Florida Board of Education supports funding flexibility as it discusses budgets

Mike DeGutis, head of the Florida School Finance Council, offers some ideas for additional education operating funds during the Board of Education's meeting Aug. 15, 2018, in Orlando. [The Florida Channel]
Mike DeGutis, head of the Florida School Finance Council, offers some ideas for additional education operating funds during the Board of Education's meeting Aug. 15, 2018, in Orlando. [The Florida Channel]
Published August 15 2018

Teacher pay and school security topped the list of concerns for Florida Board of Education members Wednesday as they kicked off their annual legislative budget request process.

Though they wondered where they might find the money for any added expenses, board members stressed the need to increase teacher salaries to keep them in the schools and fight back a growing shortage. They also noted the importance of meeting the full price tag schools face as they work to become more secure, as mandated after the February school shooting in Parkland.

The actual numbers seemed elusive, several on the board observed. They asked for more detailed information, so they could home in on a figure to ask lawmakers to target.

And then they should get out of the districts' way, and let them make decisions, they suggested.

"Flexibility is something we should have for districts," said vice chairman Andy Tuck, a former Highlands County School Board member.

One area for such flexibility might come in how districts spend the money allocated for armed school patrols. Sumter County superintendent Richard Shirley, president of the Florida Association of District School Superintendents, asked the board to consider recommending that the separate pots of money for resource officers and guardians be pooled together, for districts to spend according to their needs.

Some districts refused to employ guards, preferring trained law enforcement officers instead. Yet they could not tap into the money specified for guards, and many sheriffs said they did not have enough funding to hire officers for every campus.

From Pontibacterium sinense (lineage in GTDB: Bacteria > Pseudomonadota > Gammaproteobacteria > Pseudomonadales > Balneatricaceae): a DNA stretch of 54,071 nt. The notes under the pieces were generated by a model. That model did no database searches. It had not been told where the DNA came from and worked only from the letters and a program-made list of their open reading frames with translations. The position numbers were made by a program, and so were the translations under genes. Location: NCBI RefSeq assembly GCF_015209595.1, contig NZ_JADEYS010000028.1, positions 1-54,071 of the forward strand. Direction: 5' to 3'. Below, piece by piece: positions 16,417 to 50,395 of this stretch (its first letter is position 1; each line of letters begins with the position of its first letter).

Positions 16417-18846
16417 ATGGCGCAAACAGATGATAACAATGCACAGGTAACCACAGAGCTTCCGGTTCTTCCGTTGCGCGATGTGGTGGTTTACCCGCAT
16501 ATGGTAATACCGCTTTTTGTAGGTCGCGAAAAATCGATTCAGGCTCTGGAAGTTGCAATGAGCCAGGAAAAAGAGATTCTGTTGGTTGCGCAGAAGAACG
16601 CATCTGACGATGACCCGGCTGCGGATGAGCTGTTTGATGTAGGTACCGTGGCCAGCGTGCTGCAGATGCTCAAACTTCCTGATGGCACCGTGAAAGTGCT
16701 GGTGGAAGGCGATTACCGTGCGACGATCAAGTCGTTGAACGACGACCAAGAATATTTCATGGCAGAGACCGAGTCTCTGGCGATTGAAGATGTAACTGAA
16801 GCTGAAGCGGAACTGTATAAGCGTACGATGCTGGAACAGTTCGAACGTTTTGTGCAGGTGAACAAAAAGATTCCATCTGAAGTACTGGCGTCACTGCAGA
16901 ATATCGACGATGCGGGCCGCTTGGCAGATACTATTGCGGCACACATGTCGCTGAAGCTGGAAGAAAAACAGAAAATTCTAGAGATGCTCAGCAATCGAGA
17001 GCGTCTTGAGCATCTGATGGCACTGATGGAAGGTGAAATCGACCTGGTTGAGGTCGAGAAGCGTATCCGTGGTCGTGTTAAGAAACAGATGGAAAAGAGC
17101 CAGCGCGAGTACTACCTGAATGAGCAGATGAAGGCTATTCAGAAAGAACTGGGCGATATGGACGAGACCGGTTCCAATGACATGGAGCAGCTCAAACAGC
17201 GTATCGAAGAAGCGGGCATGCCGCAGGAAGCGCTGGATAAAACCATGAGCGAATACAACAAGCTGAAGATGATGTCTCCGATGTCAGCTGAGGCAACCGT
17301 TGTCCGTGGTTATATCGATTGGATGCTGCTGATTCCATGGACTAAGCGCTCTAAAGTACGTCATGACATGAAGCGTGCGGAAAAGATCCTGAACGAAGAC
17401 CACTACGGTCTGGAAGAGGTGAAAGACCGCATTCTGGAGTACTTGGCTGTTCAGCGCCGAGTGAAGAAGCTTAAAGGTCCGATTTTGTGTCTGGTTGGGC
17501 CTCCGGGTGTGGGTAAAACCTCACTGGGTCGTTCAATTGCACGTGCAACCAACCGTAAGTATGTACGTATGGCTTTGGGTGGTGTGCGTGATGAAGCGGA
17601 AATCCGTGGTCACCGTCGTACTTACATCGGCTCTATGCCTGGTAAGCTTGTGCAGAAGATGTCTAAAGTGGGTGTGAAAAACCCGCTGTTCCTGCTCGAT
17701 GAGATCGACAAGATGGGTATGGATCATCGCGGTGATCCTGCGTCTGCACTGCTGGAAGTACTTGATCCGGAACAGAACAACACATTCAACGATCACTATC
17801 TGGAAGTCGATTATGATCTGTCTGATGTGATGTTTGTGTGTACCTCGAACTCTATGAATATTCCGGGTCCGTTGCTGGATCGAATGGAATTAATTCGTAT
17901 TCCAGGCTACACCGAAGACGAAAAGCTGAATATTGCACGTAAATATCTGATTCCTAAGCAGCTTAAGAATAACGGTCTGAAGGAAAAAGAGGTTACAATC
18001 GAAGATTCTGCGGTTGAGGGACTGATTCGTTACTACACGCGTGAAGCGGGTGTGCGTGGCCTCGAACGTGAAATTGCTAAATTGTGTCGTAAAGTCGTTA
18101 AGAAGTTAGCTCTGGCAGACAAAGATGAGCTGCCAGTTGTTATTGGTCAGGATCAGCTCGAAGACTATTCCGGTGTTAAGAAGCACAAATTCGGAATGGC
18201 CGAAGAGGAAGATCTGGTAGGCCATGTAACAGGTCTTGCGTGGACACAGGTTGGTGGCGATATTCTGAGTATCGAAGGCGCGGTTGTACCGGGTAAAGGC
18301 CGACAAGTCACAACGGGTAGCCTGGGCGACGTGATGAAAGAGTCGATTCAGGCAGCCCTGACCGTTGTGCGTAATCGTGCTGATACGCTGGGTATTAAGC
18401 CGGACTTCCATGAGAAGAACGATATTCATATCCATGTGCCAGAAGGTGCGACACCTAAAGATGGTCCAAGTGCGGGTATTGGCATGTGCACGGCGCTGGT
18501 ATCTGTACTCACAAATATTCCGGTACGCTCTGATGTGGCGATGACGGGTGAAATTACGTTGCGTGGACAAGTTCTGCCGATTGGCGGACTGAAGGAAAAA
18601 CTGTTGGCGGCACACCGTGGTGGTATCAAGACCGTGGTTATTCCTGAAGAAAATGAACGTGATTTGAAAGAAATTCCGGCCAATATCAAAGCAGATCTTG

Board member Michael Olenick put forth that the board could advocate for consolidation of the funds, so districts can be "independent in making their decisions." Board member Joe York had similar views, noting that the state had increased funding somewhat but added "a lot of strings."

The state holds schools accountable, York said, "yet we don't allow them the flexibility to be successful in everything they do."

The board also heard several speakers ask for added unrestricted money in the Florida Education Fund Program to be used for pay increases.

Teachers deserve a "livable wage commensurate with the role and responsibility of the position," said Mike DeGutis, St. Johns County schools chief finance officer and head of the Florida School Finance Council.

DeGutis proposed the board recommend reallocating the Best and Brightest teacher bonus — about $233 million — and allowing districts to leave their local property tax rates stable rather than reducing them. The latter would let them take advantage of rising property values, and generate about $600 million more in revenue statewide.

Those two sources would provide enough money for districts to negotiate raises with their staffs, he said, and also cover some security costs.

Board members left room for those ideas. But they also did not want to propose a massive increase.

"I don't want Florida to become New York," board member Ben Gibson said, touting Florida's competitive yet affordable and efficient education system as a positive model.

Board member Gary Chartrand agreed.

"We owe it to taxpayers to make sure expenses in the system are the most efficient, even as we look to increase teacher pay," he said.

Chartrand proposed creating a specific Bright Futures scholarship for students who choose to become Florida teachers. Chairwoman Marva Johnson asked for specific action plans, so the board might know how much money would help in attracting and retaining teachers in critical shortage areas.

The board plans to continue its conversation in September. Its annual effort is rarely the ending point in Florida's education budgeting process, but it does offer a glimpse into what the administration sees as the funding needs  for the public school system.

The board often comes in millions of dollars above the final product approved by the Legislature.

See documents from its workshop here.

Advertisement